Dear Members of the Riigikogu,

I mentioned that Europe stands ready to protect its values. They are the sanctity of human life, individual liberties, including freedom of expression and consciousness, complete protection of human rights, democracy, and adhering to agreements. There are forces in our vicinity, to the East, as well as to the South, which question and undermine such values. Collective beliefs are supposedly more important than the liberty of an individual; traditional creeds more important than the protection of human rights. There are all kinds of attempts to restrict freedom of expression, including freedom online, and free media is being replaced with propaganda. The interests of those in power are considered superior to the protection of private property. We can ask whether we are about to enter into a new phase of ideological confrontation, where on one side of the ideological dividing line stand democratic values, on which our current well-being is based, and on the other side is some kind of great-power civil religion, which serves the interests of strongmen and tradition? It is important that we are on the right side of such a dividing line.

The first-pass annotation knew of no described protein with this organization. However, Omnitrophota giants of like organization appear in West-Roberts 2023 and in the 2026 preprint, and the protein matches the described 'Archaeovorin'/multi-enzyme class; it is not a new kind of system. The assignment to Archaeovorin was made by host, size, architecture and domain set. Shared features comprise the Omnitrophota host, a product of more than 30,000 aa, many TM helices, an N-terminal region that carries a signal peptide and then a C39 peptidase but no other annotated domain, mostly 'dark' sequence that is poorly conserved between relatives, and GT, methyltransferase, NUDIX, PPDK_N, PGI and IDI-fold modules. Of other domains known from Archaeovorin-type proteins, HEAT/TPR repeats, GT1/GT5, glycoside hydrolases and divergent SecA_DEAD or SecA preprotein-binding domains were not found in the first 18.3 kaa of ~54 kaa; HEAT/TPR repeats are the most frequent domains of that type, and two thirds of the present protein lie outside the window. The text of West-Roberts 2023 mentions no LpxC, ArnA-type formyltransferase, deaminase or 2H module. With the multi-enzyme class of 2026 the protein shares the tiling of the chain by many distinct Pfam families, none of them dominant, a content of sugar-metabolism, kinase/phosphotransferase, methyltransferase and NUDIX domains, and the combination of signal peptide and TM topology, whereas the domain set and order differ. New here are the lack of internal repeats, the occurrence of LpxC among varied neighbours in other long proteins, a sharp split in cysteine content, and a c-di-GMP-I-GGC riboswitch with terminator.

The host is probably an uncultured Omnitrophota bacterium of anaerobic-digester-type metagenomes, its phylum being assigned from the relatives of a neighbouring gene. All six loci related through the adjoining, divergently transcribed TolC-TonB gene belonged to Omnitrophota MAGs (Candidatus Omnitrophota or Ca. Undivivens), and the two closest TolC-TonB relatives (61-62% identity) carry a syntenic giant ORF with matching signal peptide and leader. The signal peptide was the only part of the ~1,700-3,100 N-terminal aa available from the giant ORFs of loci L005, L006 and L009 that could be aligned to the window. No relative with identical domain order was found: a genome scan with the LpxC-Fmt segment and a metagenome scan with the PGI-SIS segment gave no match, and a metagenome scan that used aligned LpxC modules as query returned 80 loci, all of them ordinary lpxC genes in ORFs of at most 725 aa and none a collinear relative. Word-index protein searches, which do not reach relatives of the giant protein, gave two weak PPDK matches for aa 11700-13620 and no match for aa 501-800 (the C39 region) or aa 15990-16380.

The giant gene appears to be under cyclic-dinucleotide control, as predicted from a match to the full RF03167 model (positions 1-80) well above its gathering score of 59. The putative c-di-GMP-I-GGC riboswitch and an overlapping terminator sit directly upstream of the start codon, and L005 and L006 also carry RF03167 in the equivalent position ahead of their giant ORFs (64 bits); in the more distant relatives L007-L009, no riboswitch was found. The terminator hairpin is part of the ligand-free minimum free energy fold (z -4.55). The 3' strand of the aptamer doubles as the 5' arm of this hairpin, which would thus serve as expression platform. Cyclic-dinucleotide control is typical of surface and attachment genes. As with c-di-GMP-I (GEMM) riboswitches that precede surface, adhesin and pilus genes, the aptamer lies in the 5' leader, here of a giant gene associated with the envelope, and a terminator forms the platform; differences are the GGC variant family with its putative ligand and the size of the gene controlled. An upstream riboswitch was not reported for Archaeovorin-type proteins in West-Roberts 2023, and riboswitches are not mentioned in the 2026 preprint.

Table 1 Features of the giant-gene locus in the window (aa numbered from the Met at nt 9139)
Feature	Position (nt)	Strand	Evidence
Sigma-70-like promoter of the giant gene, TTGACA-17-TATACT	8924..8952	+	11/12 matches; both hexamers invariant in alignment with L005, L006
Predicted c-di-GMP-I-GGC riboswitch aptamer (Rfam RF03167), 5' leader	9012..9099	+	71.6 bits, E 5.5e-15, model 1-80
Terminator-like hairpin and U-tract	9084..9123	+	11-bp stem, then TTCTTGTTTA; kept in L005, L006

To the south of Europe, a movement is gaining ground, which in the most implicit way opposes democratic values and uses the most brutal and inhumane methods to transmit its message. This is the terrorist movement Islamic State in Iraq and the Levant or in short ISIL. This movement has adopted violence as its slogan, executing prisoners and civilians, indiscriminately using terror against everyone different from them. This must be decisively confronted. Estonia belongs to the international coalition against ISIL. We have decided to support forces fighting against ISIL with ammunition. A permanent solution in Iraq will certainly not come only through military action, but it is important to have an inclusive political process where the Shiites, Sunnis and Kurds are genuinely involved. In recent years, we have donated a total of nearly 1.4 million euros to help alleviate the humanitarian situation in the whole region.